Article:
Even if you are an absolute beginner when it comes to landscaping your aquarium garden, you will be able to find a carpet plant for your betta to suit your needs. Swim along with me while we break down the ins and outs of carpeting plants.
What Is a Carpeting Plant?
A carpeting plant is very much what it sounds like. It is a foreground plant in your betta tank or aquarium that grows like a carpet or lawn of grass in the substrate of your tank. The substrate is the material used on the bottom of your aquarium. To keep your carpeting plants growing and healthy, you need to consider three things.
- Carbon Dioxide (CO2)
The correct combination of these three factors will ensure that your carpeting plant grows well. Most carpet plants require a fair amount of light to thrive, but you get some varieties that will grow well in low light. For some carpeting plants, using an aquarium light is recommended to grow successfully.
The water flow in your tank will help bring CO2 to the substrate, where it can be absorbed. Aquariums with live plants do better with slower flow rates. Slower flow rates allow your CO2 to hold so your plants can absorb it. You can determine the range of the flow in your tank by referring to your aquarium pump. The details should be listed there, bearing in mind these refer to flow under optimal conditions, much like car manufacturers give you mileage on a tank of gas.
The Benefits of Carpet Plants for your Betta Tank
There are several benefits to using carpet plants for your betta tanks. One of the most obvious is aesthetics. It makes your tank prettier and provides an attractive space for your striking betta fish while promoting the overall health of the aquarium by removing waste and taking up nitrates.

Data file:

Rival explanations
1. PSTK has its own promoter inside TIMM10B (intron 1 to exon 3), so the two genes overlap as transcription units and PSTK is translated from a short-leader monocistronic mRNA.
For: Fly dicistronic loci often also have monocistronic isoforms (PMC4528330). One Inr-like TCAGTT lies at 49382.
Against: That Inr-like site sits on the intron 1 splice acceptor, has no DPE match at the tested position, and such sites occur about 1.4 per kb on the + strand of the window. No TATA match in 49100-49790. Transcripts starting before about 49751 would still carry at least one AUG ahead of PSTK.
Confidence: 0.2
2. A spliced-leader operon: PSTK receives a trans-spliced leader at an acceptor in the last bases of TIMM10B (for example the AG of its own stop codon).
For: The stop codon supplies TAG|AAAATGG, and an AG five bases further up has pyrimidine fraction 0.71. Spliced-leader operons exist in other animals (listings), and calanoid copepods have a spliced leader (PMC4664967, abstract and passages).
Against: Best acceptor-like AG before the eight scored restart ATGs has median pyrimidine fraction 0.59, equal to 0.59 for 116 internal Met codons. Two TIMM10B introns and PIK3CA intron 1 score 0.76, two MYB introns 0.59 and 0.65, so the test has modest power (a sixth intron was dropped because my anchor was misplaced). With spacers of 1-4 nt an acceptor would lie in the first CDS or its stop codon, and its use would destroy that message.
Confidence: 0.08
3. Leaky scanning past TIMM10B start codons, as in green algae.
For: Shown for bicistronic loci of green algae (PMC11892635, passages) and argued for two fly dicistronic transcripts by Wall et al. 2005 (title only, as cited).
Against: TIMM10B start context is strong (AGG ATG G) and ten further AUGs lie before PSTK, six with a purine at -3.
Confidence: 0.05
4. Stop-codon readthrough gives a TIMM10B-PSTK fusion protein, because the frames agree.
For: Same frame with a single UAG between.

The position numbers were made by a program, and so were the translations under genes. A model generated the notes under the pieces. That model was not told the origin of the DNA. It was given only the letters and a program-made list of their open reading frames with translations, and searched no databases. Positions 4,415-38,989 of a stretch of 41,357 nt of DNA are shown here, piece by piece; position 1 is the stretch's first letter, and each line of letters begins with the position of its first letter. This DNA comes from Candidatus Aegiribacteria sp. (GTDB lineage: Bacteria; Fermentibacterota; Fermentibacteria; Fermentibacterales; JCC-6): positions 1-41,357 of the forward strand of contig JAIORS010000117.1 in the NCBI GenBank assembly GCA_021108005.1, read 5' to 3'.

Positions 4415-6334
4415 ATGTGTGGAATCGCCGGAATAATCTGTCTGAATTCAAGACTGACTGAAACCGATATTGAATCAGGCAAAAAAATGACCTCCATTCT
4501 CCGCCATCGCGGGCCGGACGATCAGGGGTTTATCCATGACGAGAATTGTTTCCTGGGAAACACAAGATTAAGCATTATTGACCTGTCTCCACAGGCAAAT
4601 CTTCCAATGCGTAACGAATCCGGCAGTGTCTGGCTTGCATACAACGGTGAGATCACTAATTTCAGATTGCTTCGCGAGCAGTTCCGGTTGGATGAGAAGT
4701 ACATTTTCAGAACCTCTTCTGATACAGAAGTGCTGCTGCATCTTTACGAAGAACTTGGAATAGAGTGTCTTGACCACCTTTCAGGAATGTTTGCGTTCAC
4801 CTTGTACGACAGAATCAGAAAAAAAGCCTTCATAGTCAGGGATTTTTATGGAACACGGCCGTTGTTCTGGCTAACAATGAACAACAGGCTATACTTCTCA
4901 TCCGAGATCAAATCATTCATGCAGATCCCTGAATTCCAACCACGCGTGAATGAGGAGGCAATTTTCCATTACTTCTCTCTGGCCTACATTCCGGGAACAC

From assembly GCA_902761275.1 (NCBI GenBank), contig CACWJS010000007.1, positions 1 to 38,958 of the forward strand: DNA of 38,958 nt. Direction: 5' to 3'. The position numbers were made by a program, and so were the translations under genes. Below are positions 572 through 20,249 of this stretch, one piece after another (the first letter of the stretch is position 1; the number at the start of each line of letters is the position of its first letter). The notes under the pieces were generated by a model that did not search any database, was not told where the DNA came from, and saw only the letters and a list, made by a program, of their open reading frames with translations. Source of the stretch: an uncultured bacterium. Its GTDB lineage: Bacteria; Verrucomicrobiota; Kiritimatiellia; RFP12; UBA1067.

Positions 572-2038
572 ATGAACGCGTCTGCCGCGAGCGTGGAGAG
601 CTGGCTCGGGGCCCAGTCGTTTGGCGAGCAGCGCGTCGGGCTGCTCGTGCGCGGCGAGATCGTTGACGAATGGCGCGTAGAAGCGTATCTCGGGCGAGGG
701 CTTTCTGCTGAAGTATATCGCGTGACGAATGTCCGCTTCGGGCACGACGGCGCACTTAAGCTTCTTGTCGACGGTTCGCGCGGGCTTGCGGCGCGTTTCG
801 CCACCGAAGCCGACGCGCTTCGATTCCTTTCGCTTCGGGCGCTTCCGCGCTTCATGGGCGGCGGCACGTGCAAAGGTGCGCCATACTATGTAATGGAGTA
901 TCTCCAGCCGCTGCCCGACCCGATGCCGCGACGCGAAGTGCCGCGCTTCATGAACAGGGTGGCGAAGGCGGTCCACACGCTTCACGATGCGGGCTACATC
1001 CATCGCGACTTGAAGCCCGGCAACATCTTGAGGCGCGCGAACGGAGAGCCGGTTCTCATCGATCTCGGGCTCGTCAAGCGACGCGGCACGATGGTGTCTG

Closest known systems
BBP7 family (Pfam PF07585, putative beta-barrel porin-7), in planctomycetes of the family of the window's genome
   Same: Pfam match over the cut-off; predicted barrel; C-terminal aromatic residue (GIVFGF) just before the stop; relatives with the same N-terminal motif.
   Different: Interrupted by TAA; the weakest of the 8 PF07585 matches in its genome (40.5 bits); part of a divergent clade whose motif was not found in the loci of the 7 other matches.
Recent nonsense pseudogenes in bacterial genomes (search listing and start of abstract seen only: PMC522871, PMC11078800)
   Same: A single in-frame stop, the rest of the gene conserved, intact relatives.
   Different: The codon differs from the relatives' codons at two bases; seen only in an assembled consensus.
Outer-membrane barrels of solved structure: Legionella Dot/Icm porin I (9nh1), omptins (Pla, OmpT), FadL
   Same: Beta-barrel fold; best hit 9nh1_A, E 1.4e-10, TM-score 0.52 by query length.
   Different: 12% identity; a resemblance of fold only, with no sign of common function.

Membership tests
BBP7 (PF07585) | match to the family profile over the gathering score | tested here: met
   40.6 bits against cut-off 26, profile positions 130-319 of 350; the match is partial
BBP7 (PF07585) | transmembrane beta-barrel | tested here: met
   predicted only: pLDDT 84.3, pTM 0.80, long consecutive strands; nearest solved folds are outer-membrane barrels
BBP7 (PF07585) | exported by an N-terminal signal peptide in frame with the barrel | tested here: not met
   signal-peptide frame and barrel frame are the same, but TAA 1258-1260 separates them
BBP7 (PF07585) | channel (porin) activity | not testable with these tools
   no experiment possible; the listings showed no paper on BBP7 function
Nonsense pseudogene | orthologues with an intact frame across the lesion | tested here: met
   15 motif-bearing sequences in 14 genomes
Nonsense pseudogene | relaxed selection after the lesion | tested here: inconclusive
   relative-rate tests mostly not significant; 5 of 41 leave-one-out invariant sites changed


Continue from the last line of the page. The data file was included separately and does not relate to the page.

Carpet plants are an excellent place for the bottom dwellers, shrimp, fry, or smaller fish to live or take shelter, especially if your tank has bigger predators they need to hide from. The biofilm that covers the plants provides an extra snack for these fish. Fish who snack are more likely to survive to adulthood because they grow a little faster. Consider it the fish version of eating your vegetables.
Most carpet plant varieties are safe for betta fish because they have soft leaves. Sharp pointy leaves may tear your betta’s fins. When buying any live or artificial plant, you need to bear this in mind.
9 Recommended Carpet Plants for a Betta Fish Tank
There is a wealth of information available on the worldwide web, but I’ve taken the time to break down nine carpet plants that your betta fish will love.
Scientific name: Taxiphyllum Barbieri
Light: Low to medium
CO2: Not needed, but it will help with better growth
Growth rate: Slow
This deep green plant is excellent for beginners; it is attractive and easy to grow. It is originally from Southeast Asia and has a fast growth rate. Fish use this moss as a bed for eggs, and if your betta fish is shy, he can take refuge in this carpeting plant.
Scientific name: Glossostigma Elatinoides
Care: Moderate to Difficult
Light: Medium to high
Growth rate: Moderate to Fast
Another good option for your betta fish is bright green glosso, which originally hails from Southeast Australia and New Zealand. Like java moss, this is an attractive carpeting plant most often seen in Japanese-inspired tanks and aquascapes.
Unlike java moss, it is challenging to grow and has a high light requirement, and it may need supplemental CO2 to grow successfully. What makes it a good choice for your betta is that this plant grows best in a shallow tank.
Dwarf Water Trumpet
Scientific name: Cryptocoryne Parva
CO2: Not necessary
Growth rate: Slow
This green plant hails from Sri Lanka and is the smallest of its genus. It is easy to grow, but it grows slowly, which means less frequent trimming, unlike java moss. It offers an excellent hiding place for a reluctant betta fish, and it is a popular plant with aquascapers.
Scientific name: Microsorum Pteropus
CO2: No extra light is needed